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What does it mean when apps claim they encrypt at REST and HTTPS? I find this a little difficult to understand how different they are from the rest of the encryption-based Apps.

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    @GxTruth The term “encryption at rest” has nothing to do with the REST API architecture. – Mike Scott Feb 6 '18 at 13:09
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    @GxTruth actually I'd like to see an app developer use the term "encryption at REST" and see if the developer made this mistake ... – schroeder Feb 6 '18 at 13:20
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    Using all caps for REST makes this post much more confusing for some. REST encryption is a very different topic than encryption-at-rest. – Adrian Larson Feb 6 '18 at 18:19
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    @AdrianLarson yes, but that's the whole point of the question: there is confusion on that very point. This is inadvertently one of those "meta" questions where the question is itself the answer. To correct the capitalisation in the question is to fundamentally alter the question. – schroeder Feb 6 '18 at 19:36
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    PLEASE do not edit the question to change the capitalisation. To do so will only irreparably harm the whole basis for the question. – schroeder Feb 6 '18 at 21:27
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HTTPS is one form of "encryption in transit", which means that data passing over the network to or from the application is encrypted. "Encryption at rest" means that the data the application stores on its local storage is encrypted, so that an attacker who can access the storage but not the application itself can’t read the data.

  • Perfect, Between don't all encryption based Apps do that ? I as a user would also like my local App data to be Encrypted. – WiredTheories Feb 6 '18 at 14:01
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    @OrwellIsRight it all depends on what the "encryption based app" is designed to do. – schroeder Feb 6 '18 at 14:13
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    @OrwellIsRight No, they dont. In the majority of cases a compromise in data storage also means a compromise of the application runtime (especially for apps running and storing data on the same physical machine). If the application runtime is compromised, encryption wont save you. – marstato Feb 6 '18 at 20:01
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    A perfect example would be a web browser. Even though a webpage is served over encrypted HTTPS, the content is often stored unencrypted on the disk-based cache. (@marstato In this example, code signing would help prevent compromise of the browser) – user71659 Feb 6 '18 at 20:12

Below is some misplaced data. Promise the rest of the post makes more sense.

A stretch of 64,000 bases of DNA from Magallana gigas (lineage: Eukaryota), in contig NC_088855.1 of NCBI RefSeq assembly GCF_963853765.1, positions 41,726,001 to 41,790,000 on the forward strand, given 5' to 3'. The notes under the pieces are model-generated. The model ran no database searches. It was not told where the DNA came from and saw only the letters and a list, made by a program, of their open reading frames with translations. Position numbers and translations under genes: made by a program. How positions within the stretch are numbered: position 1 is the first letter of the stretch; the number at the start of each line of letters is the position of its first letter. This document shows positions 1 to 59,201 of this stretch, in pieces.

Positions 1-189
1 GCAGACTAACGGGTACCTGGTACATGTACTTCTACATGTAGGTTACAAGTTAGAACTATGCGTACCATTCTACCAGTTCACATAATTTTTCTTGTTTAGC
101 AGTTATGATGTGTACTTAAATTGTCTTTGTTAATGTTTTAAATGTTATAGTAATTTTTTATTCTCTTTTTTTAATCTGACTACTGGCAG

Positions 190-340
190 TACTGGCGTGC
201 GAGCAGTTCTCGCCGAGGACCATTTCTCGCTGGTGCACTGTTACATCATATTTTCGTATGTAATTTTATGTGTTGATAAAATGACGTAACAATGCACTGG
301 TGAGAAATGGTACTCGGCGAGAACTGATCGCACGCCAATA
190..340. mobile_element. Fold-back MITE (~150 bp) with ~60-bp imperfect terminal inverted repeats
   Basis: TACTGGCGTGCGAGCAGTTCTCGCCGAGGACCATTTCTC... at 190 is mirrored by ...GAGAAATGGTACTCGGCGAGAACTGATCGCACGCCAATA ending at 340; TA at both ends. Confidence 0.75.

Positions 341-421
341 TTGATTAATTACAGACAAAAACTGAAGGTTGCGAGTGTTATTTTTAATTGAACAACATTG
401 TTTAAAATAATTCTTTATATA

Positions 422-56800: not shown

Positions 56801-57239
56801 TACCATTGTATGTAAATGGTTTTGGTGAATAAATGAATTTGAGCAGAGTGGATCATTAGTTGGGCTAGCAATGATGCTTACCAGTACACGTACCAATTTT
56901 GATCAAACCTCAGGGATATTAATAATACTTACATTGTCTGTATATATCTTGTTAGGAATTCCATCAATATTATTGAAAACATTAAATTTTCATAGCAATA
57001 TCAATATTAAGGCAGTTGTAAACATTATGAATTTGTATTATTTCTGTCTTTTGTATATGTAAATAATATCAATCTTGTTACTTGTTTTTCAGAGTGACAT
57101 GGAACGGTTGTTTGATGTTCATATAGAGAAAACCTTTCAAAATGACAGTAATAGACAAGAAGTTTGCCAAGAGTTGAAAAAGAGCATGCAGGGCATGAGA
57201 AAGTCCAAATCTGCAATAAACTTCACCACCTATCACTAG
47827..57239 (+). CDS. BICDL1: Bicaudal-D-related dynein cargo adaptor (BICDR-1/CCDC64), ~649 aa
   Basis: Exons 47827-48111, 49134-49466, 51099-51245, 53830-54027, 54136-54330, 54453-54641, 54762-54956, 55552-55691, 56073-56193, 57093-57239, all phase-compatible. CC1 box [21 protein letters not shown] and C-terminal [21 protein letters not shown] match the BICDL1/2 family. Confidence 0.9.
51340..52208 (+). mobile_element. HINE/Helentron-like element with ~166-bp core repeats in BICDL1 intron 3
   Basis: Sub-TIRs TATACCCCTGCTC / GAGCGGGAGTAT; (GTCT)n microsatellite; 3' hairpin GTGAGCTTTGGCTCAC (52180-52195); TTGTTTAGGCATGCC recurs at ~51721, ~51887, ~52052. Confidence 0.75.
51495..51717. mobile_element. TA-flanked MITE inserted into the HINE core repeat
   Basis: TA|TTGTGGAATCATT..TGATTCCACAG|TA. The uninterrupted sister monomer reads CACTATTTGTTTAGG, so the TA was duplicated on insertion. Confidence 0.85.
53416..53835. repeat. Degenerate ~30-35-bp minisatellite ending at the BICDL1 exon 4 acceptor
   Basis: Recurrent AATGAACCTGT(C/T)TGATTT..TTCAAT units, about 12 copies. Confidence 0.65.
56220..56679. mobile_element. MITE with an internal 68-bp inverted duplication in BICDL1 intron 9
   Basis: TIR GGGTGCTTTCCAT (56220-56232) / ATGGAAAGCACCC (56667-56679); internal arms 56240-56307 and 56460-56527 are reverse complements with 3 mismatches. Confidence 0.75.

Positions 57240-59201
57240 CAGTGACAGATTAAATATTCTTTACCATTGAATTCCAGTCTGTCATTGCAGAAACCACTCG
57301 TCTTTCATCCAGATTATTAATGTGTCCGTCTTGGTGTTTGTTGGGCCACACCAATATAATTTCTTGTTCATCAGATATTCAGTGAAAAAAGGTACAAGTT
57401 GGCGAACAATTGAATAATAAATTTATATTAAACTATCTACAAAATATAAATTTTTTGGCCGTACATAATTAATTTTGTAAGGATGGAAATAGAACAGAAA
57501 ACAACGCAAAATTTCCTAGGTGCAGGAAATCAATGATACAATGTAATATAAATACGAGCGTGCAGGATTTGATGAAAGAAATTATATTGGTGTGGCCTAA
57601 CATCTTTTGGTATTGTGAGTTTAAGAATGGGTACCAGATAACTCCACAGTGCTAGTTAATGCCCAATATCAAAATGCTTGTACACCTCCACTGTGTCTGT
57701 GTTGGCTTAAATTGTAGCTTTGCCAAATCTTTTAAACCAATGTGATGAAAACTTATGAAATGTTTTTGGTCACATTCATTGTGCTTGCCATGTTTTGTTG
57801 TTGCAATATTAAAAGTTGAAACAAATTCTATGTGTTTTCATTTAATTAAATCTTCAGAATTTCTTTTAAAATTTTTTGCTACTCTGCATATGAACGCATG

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HTTPS a protocol with which an application can communicate securely with a backend service, such as a database. It is the encrypted companion of another protocol, called HTTP. You've most likely seen those 2 protocols being used if you've ever used a web-browser on a Desktop machine.

When an application claims that it's using HTTPS, it's telling you that information you provide is transmitted using a secure, encrypted connection. This is especially important for sensitive tasks, such as credit card transactions, where a potential badguy otherwise would be able to eavesdrop and steal your creditcard information.

Thus HTTPS provides you with encryption in transit which leaves us to the next part.

encryption at rest is a term used by applications to notify you that they employ some sort of encryption scheme to protect the data that they store. Building on the example above, once your credit card transaction is complete, the app might ask you if they should save the provided information to make the next purchase quicker (I'm not quite sure that's okay if you want to stay PCI compliant, but bear with me here). If you agree, and the application claims to use encryption at rest, then you can be pretty sure that they encrypt the stored credit card details.

Please do remember that using encryption at rest does not mean that everything is encrypted. It also doesn't mean that the encryption in use is of sound design or is safe to use. Look for information where they specifically state what algorithms and ciphermodes being used. If they're willing to part with that information, you can be pretty sure they know what they are doing.

  • Mads, can you give an example of data which was encrypted using algorithms or ciphermodes NOT of "sound design" and resulted in a high-profile data breach? – daikin Feb 7 '18 at 0:26
  • @darkin: Many application used to (in the old days) store passwords hashed but not salted. Though the hashing was secure if you know one password and see its hash then you can determine any password with that hash. That would be an example of secure algorithm but not a sound design. Hopefully all sites have fixed this kind of issue by now. – Martin York Feb 7 '18 at 0:46
  • @MartinYork: Of course, that's assuming the people storing the password had even the slightest clue about hashing vs. encryption, which is surprisingly often not the case. – Kevin Feb 7 '18 at 3:49
  • @daikin: One example could be the broken encryption scheme in Office 97-2003: hashcat.net/forum/thread-3665.html and another one could be the Heartbleed vulnerability in OpenSSL which, if I remember correctly, was estimated to have cost 500million USD worldwide. – MadsRC Feb 7 '18 at 5:33

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